Cities and regions of France

Ah, pretty France, my neighbour for countless years. It’s my constant point of return, it’s probably my favourite stopover, and it’s my very own capital of Europe. The more I see, the more I like it. And I also like the French, I like their character. You always have a good laugh with these French people. We like to tease each other!

My travels have taken me many times to Paris, but also to the Swiss border, the Jura, the Alps and Lake Geneva… and lately, for my greatest pleasure, to Provence, Cerdanya, Brittany, Corsica, Auvergne, Pyrenees, Côte d’Azur and so on. I never get tired of France, my faith, the proof (so) alive that there is no need to go so far to get a change of scenery.

Corsica

I fell in love with this island and its strong, unique and proud identity. Corsica is a promise of beauty at every bend, at every turn. Here, you are in constant suspension between sea and mountains, between wilderness and timelessly charming towns. These lands with a fascinating history (of struggles!) have much to teach us about resilience.

Nantes and its surroundings

Nantes dazzles and fascinates me. I go there regularly to visit my friends and cherish it as a second home. Nantes is alive, in the vanguard of good living. It is original and refined. I wanted to introduce you to its most beautiful places and attractions, but also to its precious little addresses.

Brittany

Imagining Brittany was simple. Isn’t it the land of sailors par excellence? I feel it so strongly that I have the impression that I have crossed an invisible border where the codes are no longer the same as elsewhere in France. Here we live with the sea as if it were a friend: the one with whom we happily put aside our worries. This is the one whose shoulder lends it best to tears. The one who will know how to hide us, the day we want to disappear.

The Auvergne

Walking on the ridges of 65 million-year-old volcanoes, touch ancient lava flows. Get inside the skin of a… dinosaur. Imagine what would happen if all those old memories were awakened. The last eruption in the Auvergne was only 7,000 years ago. God knows that all this is placidly asleep, covered with vegetation that looks sometimes sparkling, sometimes inflamed (ah, the reds of autumn in the Auvergne). God also knows that it might wake up one day. In the meantime, what else can you do but enjoy the almost supernatural spectacle that has been forged here, by lava flows and explosions thousands of years old; art brut in its natural state.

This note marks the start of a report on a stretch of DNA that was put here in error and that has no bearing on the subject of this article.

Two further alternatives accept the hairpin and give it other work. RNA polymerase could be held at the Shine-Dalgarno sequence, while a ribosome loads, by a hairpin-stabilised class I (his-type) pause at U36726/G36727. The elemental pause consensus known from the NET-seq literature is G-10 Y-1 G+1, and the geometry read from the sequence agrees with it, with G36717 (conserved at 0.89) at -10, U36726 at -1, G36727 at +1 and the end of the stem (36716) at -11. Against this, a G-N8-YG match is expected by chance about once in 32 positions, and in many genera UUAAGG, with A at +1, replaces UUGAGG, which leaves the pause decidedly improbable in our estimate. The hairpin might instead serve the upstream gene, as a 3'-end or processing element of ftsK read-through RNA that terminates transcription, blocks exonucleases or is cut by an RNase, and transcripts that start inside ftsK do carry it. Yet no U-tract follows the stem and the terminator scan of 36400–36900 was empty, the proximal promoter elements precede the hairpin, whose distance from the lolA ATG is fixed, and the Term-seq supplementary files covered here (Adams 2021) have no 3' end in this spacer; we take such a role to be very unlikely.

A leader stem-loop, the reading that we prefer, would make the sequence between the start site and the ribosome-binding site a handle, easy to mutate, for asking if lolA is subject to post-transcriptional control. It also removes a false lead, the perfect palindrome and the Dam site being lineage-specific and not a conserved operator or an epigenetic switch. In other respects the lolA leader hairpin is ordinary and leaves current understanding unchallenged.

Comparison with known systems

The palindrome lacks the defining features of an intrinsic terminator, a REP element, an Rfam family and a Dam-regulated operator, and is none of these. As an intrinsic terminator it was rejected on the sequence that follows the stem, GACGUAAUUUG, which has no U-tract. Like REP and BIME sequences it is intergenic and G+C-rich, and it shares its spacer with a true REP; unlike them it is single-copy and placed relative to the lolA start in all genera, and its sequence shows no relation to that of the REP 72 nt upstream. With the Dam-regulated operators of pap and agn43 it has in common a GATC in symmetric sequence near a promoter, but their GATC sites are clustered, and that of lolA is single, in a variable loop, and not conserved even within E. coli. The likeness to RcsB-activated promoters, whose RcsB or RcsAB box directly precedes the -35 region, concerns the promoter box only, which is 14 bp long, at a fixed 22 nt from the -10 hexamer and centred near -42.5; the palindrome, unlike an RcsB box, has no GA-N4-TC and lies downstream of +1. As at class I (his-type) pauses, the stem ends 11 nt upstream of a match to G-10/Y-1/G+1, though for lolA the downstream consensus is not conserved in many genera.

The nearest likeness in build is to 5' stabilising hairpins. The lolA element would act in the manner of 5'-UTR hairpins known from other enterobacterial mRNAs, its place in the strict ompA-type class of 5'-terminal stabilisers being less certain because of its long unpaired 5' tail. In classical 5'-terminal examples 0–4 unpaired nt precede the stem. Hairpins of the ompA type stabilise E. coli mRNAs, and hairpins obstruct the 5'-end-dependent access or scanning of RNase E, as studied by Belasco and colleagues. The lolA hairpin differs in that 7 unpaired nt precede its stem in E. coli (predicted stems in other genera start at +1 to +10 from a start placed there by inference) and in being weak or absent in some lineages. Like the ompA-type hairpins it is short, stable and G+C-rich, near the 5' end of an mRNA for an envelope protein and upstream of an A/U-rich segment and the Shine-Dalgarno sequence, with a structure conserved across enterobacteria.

Cannes

Cannes. We think so much about red carpet, golden palm and paparazzi that we forget that life goes on here, at a completely normal pace. In fact, it goes on at a rather relaxing pace. And the people in it are just like you and me. There are wallets with a few Euros in them, just as there are credit cards with unattainable limits. In short, forget everything you’ve been put in your head about Cannes. Here, you will be able to move around incognito and have fun whatever your budget.

Marseille and Provence

Old buildings with solid charm, worn pebbles that blend with the dazzling new facades all made of glass. Hard contrasts that the sun fills with shadows between two façades, games of clouds that complicate the work of the painter or photographer: Marseille and the others are difficult to grasp, extremely changeable, as if they had their own mood, reminding the human being that they are grandiose, and that he is very small.

Toulouse and the Aveyron

Toulouse is a placid, inspiring city. I found a lot of happiness there during my stay at the Grand Balcony Hotel, where Antoine de Saint-Exupéry was staying. I basked in the banks of the Garonne. There I met the fabulous artisans of its delicious markets. As for the Aveyron, it abounds in other rare pearls, such as the village of Conques, the works of Soulages, the cuisine of Bras. This corner of France knows how to elevate its land to the rank of a work of art.

Paris

Each time I pass by, I let myself be surprised by its cold side from the outside, and by its warm side from the inside. As a foreigner, I feel anonymous, not in my place, hair on the soup. But with my friends, I feel at ease as in a hot spring.

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